Drinker's nose is a colloquial term for a red, bulbous, lumpy nose, which was once thought to be caused by alcohol abuse, according to WebMD. Instead, a red and swollen nose can be a caused by rhinophyma, an uncommon form of the skin disorder rosacea.
Rosacea and rhinophyma occur just as frequently in non-drinkers as in drinkers, WebMD states. Rosacea presents as redness of the face, particularly the cheeks. Many rosacea and rhinophyma sufferers are unjustly stigmatized by the widespread belief that heavy drinking causes their condition. Though alcohol consumption does not cause rhinophyma, it can trigger a flare-up of this condition. Typically appearing after age 30, the facial redness of rosacea comes and goes, but over time grows worse and more persistent.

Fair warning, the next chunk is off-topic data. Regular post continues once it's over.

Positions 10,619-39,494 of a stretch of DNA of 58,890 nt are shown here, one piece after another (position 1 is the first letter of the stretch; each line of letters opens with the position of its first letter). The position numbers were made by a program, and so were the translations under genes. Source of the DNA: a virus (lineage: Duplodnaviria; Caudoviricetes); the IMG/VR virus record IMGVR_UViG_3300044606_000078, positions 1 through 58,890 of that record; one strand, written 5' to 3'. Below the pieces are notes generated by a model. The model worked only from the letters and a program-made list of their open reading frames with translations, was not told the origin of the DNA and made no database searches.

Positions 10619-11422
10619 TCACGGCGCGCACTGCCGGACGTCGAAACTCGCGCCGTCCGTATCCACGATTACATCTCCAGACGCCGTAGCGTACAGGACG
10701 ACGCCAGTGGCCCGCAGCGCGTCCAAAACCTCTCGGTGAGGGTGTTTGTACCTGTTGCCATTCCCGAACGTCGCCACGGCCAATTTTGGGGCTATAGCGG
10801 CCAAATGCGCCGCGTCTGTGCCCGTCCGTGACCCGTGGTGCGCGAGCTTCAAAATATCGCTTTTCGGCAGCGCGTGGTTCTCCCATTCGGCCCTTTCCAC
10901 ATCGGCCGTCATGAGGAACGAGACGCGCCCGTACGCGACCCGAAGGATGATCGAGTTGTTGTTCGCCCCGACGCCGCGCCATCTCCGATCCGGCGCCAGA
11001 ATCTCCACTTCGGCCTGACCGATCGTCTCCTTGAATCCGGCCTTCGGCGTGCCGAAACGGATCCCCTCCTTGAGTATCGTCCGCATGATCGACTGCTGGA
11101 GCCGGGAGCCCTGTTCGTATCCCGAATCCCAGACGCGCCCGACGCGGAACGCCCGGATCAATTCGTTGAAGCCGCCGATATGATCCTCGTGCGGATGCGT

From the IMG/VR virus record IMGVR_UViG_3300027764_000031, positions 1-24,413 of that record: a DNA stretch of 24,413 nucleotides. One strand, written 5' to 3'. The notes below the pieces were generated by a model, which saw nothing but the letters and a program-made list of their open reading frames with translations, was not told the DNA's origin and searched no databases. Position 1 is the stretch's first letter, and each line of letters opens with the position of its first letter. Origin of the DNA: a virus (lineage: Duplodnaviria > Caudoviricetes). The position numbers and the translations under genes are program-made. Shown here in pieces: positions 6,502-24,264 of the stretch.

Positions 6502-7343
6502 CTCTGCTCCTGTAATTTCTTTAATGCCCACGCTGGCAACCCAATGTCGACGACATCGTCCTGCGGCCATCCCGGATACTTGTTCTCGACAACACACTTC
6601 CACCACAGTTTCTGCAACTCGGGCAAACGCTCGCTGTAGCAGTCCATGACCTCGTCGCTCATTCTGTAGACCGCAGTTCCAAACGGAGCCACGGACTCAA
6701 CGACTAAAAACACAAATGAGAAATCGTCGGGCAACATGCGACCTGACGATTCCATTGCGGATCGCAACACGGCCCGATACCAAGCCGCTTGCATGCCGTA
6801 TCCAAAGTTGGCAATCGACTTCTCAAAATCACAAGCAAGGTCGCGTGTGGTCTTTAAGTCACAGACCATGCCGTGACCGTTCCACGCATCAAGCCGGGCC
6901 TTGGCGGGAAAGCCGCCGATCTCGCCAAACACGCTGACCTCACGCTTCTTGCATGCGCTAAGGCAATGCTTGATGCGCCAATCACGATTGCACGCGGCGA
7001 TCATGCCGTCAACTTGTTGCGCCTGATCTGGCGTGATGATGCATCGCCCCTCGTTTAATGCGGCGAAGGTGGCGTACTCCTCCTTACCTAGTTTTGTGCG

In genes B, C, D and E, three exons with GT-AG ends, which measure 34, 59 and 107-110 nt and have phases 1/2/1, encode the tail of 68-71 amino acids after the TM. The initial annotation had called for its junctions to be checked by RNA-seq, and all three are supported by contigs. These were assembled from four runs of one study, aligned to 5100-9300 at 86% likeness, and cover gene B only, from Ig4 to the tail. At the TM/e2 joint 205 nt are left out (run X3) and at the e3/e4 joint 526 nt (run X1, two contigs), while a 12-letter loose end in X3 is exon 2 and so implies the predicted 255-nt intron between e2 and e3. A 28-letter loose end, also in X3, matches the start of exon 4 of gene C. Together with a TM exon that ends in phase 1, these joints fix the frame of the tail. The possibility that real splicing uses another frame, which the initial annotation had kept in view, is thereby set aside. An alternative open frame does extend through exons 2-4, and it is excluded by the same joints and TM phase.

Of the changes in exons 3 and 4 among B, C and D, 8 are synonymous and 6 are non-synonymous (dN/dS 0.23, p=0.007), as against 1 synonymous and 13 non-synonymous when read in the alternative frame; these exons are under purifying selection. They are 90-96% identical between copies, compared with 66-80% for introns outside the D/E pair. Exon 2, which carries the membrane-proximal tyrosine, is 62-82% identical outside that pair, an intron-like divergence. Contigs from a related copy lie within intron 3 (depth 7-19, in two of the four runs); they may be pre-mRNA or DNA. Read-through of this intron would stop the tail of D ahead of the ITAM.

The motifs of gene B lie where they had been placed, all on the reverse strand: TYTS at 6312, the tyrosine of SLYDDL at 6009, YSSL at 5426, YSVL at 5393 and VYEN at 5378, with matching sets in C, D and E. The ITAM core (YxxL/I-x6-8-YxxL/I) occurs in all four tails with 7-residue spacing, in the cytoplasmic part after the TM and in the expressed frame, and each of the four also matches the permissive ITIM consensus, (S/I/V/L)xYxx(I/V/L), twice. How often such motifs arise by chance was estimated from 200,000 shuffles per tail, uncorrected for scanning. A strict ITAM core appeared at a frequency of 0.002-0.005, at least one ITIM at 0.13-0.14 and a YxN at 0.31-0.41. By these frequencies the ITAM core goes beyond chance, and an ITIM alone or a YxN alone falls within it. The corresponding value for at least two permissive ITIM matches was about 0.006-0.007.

Rhinophyma is more common in men than in women, according to Medline Plus. Rhinophyma is treated with surgery, but currently there is no cure. Perhaps the most famous rhinophyma sufferer is the film actor W.C. Fields.